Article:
Citizen Journalism

Citizen Journalism is defined on Wikipedia as the concept of “playing an active role in the process of collecting, reporting, analyzing, and disseminating news and information.”

Citizen Journalism is a huge and ever-growing phenomenon where the general public, with the use of social media and networking sites, as well as video-enabled mobile phones, can report on breaking news far more quickly than traditional journalism methods.

Current Events talk show Close Up  discussed the idea of “Citizen Journalism changing the face of the news”. It showed four local NZ examples of the general public posting videos on Youtube or comments on Facebook that went viral and ultimately led to the arrests in three of the cases for assault and theft.

TVNZ Close Up: Citizen Journalism

The obvious power of social networking, with the speed at which an idea, article or opinion can be spread, is simply amazing. It is a phenomenon we are all becoming well aware of, both as viewers, and as the person trying to get their message out there.

The power of social networking sites is growing more and more with each day’s new forms of technology. We get a lot of our global information from sites such as Facebook, Twitter and Youtube to name just a few. The Kony 2012 video that I discussed in a previous post is perhaps the most impressive example of how social media sites work. Over 50million views in 3 days! In this case, the idea behind posting it was to rally an immense amount of support for a good cause.

But what are the other effects of information going global? There are no standards, or methods of control for what “news” items are posted by the general public. Professional journalists have criticized Citizen Journalism for being too subjective, with amateur reporting in low quality videos.

Are people posting videos for interest’s sake, or is there an ulterior motive? Definitely both. But when the latter is the impetus, then we may only get to see one side of the story and form our opinions based on this. What are the repercussions for those who are portrayed as the “baddie” in these stories? What if all of the information is not given in these videos, or if the information is incorrect, or has been greatly edited? Frankly, lives get ruined.

As Matt McClay, the reporter of this news piece points out, “it’s easy to have an opinion these days from behind the computer” and “it just takes one comment……on Facebook, and in this modern age, that is enough for an instant rush of judgement.” Close Up’s presenter Mark Sainsbury asked the question, “have they (the offenders in the videos) already been tried and convicted in the court of public opinion?” What we often don’t see is the provocation that led to the assault or argument. Close Up suggests that at times, “the vilification (they) get from the public online, does not fit the crime”.

Donald Matheson, a Senior Lecturer in Media and Communication Studies at Canterbury University in NZ, discussed the impact of citizen journalism.  He felt that most people were able to differentiate between information they saw on the News, and videos they saw on Youtube. He called it “Emotional filtering”. We should be able to make a logical judgement on what we are viewing. I would beg to differ though. If you only see one side of a story then you make a judgement on that. You are not to know that there is actually a different side of the story. So many of the so called offenders on these videos have been persecuted on the social media sites.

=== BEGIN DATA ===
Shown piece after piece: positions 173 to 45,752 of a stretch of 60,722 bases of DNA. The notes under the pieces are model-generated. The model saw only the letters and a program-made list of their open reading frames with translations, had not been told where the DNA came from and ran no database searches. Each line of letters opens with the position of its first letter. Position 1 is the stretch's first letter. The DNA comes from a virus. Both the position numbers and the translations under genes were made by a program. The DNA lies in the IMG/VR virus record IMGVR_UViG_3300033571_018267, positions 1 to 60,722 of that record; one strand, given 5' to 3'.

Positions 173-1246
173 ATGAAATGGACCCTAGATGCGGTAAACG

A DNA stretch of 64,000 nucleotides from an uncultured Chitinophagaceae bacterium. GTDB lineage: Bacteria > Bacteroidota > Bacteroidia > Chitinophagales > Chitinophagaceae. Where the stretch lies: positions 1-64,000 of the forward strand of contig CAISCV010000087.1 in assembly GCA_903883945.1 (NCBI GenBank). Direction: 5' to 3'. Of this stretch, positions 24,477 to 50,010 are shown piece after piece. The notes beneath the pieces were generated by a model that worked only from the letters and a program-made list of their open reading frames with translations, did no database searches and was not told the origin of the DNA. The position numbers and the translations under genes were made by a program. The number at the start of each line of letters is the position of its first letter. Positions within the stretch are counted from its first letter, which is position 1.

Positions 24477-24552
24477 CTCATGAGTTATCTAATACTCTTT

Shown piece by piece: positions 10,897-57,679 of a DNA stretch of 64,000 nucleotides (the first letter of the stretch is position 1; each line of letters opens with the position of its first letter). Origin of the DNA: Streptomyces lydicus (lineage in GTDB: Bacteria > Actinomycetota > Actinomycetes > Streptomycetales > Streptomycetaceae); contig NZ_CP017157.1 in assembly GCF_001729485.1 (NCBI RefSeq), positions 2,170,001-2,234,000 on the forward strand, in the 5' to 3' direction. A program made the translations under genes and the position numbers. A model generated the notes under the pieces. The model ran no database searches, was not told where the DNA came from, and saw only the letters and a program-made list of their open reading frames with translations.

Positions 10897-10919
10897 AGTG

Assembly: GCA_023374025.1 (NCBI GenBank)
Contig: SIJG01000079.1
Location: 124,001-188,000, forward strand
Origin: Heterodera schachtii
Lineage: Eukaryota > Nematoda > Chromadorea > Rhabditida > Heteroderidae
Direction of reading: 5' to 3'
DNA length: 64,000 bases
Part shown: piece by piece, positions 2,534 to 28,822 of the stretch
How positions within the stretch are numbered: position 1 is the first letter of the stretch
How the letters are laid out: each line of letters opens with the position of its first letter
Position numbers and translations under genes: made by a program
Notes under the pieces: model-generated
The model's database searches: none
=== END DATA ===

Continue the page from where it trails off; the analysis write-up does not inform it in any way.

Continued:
It seems that the police are forced to step in to address an assault after it has been posted online. I don’t condone assault in any way shape or form, but once the story breaks into the mainstream news, we then hear that an annoying group of teens provoked the situation, videoed it, and then posted the edited version of the incident.

It’s a difficult one, because morally we know that these stories may be pretty fabricated but human nature forces us to follow the most popular postings and we can’t help but form an opinion on them. The problem is that these opinions are now so easily made public when we post on a public forum and once the ball starts rolling, it is just so difficult to stop. Innocent until proven guilty is a difficult concept when the apparent evidence is right before us and everyone becomes an armchair witness.

The upside of this is that there are now a number of websites and blogs that devote their space to citizen journalism and encourage others to share their newsworthy stories. CNN iReport invites viewers to send in stories and posts them on their news programmes.  Global Voices Online is an online citizen media site whose mission statement is “Global Voices seeks to aggregate, curate, and amplify the global conversation online – shining light on places and people other media often ignore. We work to develop tools, institutions and relationships that will help all voices, everywhere, to be heard.” Sites such as these probably organise and moderate their stories before posting them.

I guess the other important lesson learned here is that we all need to remember that someone else is always watching, and that someone may be very ready to go digital. Citizen journalism is definitely an important tool in disseminating information, but we now all need to be careful with what we do with it.

 

 

 

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